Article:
By Armin Gray

Notwithstanding Official comments, Bitcoin Exchange Accounts Should Be Reported on FBAR’s

The IRS clarified the tax treatment of Bitcoin, ruling that Bitcoin will not be treated as foreign currency but will be treated as property for U.S. Federal income tax purposes. As a result, the IRS ruling may allow for capital gains treatment on the sale of Bitcoin. However, the ruling did not address whether Bitcoin is subject to Form 114 reporting.

This month, pursuant to a recent IRS webinar, an IRS official stated that Bitcoins are not required to be reported on this year’s Form 114. However, the official noted that the issue is under scrutiny, and caveated that the view could be changed in the future.

Notwithstanding the official’s comments, whether Bitcoin is a reportable asset will depend on the nature and manner it is held.

  •  If Bitcoin is treated as property (not currency), the situation is analogous to a U.S. person who directly holds non-U.S. real property or any other valuable asset, which is not a foreign financial account.
  • If Bitcoin is held through an entity (e.g., a (non-grantor) trust), the situation is analogous to the “look-through” rule, in which case reporting is required only with respect to the entities foreign financial accounts if and to the extent the indirect holder has control of the entity (using a greater than 50% test).
  • However, if and to the extent a U.S. person holds Bitcoin or shares of an entity that holds Bitcoin through, e.g., an offshore custodial account or other financial account, the account will likely be an FBAR reportable asset.

An interesting question involves exchange accounts. Exchanges that convert Bitcoin in and out of other currencies function similarly to brokerages and offer a variety of financial services similar to banks or other financial institutions. Without official guidance that can be relied upon, we would advise our clients to disclose these accounts under a protective filing. United States v. Hom, discussed above, is noteworthy. The court ruled an online poker player was liable for penalties after concluding that online poker sites PokerStars.com and PartyPoker.com operated as commercial banking financial institutions under the Bank Secrecy Act, and therefore, non-U.S. accounts held with them were FBAR reportable assets.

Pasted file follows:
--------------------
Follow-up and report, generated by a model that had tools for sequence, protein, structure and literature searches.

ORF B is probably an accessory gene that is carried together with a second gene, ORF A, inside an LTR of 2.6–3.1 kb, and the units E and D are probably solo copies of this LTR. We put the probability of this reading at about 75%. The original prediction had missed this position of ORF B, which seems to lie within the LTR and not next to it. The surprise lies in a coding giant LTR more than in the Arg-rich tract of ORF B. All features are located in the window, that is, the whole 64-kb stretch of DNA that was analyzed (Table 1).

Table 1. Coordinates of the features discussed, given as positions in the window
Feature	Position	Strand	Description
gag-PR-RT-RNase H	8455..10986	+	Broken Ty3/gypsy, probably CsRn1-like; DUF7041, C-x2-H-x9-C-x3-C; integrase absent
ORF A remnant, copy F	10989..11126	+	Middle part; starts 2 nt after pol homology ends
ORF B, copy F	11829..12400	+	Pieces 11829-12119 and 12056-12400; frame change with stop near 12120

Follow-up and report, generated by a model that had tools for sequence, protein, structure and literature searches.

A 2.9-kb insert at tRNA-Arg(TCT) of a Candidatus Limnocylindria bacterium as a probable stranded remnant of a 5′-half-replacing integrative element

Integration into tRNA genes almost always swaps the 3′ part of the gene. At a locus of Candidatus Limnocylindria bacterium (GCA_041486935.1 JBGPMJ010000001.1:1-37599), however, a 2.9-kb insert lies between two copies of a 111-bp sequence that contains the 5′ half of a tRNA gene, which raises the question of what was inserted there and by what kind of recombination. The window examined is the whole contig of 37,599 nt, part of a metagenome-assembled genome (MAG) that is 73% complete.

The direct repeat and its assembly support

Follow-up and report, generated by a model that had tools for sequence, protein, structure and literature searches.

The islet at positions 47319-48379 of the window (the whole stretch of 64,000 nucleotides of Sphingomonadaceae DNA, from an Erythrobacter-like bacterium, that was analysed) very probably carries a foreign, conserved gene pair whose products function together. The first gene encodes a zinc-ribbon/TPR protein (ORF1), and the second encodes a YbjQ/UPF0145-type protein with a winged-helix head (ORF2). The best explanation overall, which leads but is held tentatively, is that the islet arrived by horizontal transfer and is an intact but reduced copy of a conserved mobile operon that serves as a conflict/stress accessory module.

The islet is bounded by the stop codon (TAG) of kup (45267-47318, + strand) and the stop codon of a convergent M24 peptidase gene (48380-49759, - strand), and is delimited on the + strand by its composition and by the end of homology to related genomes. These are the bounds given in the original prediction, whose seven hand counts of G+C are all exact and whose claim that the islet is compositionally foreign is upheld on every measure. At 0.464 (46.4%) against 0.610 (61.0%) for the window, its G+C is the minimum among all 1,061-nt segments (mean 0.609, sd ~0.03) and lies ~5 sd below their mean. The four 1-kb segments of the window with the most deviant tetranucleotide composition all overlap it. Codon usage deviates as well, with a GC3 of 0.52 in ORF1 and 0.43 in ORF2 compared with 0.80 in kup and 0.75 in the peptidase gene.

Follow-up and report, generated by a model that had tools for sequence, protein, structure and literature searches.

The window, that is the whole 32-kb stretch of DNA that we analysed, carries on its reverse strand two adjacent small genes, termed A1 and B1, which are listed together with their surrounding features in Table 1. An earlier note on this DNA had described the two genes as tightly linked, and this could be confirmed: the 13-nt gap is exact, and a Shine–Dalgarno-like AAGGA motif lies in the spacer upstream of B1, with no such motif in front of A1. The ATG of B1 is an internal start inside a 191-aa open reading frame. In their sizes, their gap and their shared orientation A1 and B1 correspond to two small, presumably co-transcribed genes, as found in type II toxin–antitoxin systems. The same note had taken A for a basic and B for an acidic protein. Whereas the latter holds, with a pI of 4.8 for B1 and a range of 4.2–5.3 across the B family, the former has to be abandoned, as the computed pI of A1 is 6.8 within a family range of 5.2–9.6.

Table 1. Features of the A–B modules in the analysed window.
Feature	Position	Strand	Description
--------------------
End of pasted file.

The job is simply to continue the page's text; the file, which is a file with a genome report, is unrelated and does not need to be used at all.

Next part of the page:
Mutual Funds in Brokerage Accounts Don't Have to Be Separately Reported on FBAR’s

Mutual funds held in brokerage accounts generally don't have to be separately reported on the FinCEN Form 114. Therefore, an IRS official recently confirmed that the taxpayer would be reporting only on the brokerage account that holds the mutual fund. However, if the mutual funds and the brokerage accounts were separate, they would each require separate FBAR’s. This would also be true of other types of financial holdings in the brokerage account.

Child Filing Requirements

Recent updates to the instructions to Form 114 (06/11/2014) provide that, in general, a child is responsible for filing his or her own FBAR report. If a child cannot file his or her own FBAR for any reason, such as age, the child's parent, guardian, or other legally responsible person must file it for the child. In addition, if the child cannot sign his or her FBAR, a parent or guardian must electronically sign the child's FBAR and in item 45 Filer Title enter “Parent/Guardian filing for child.”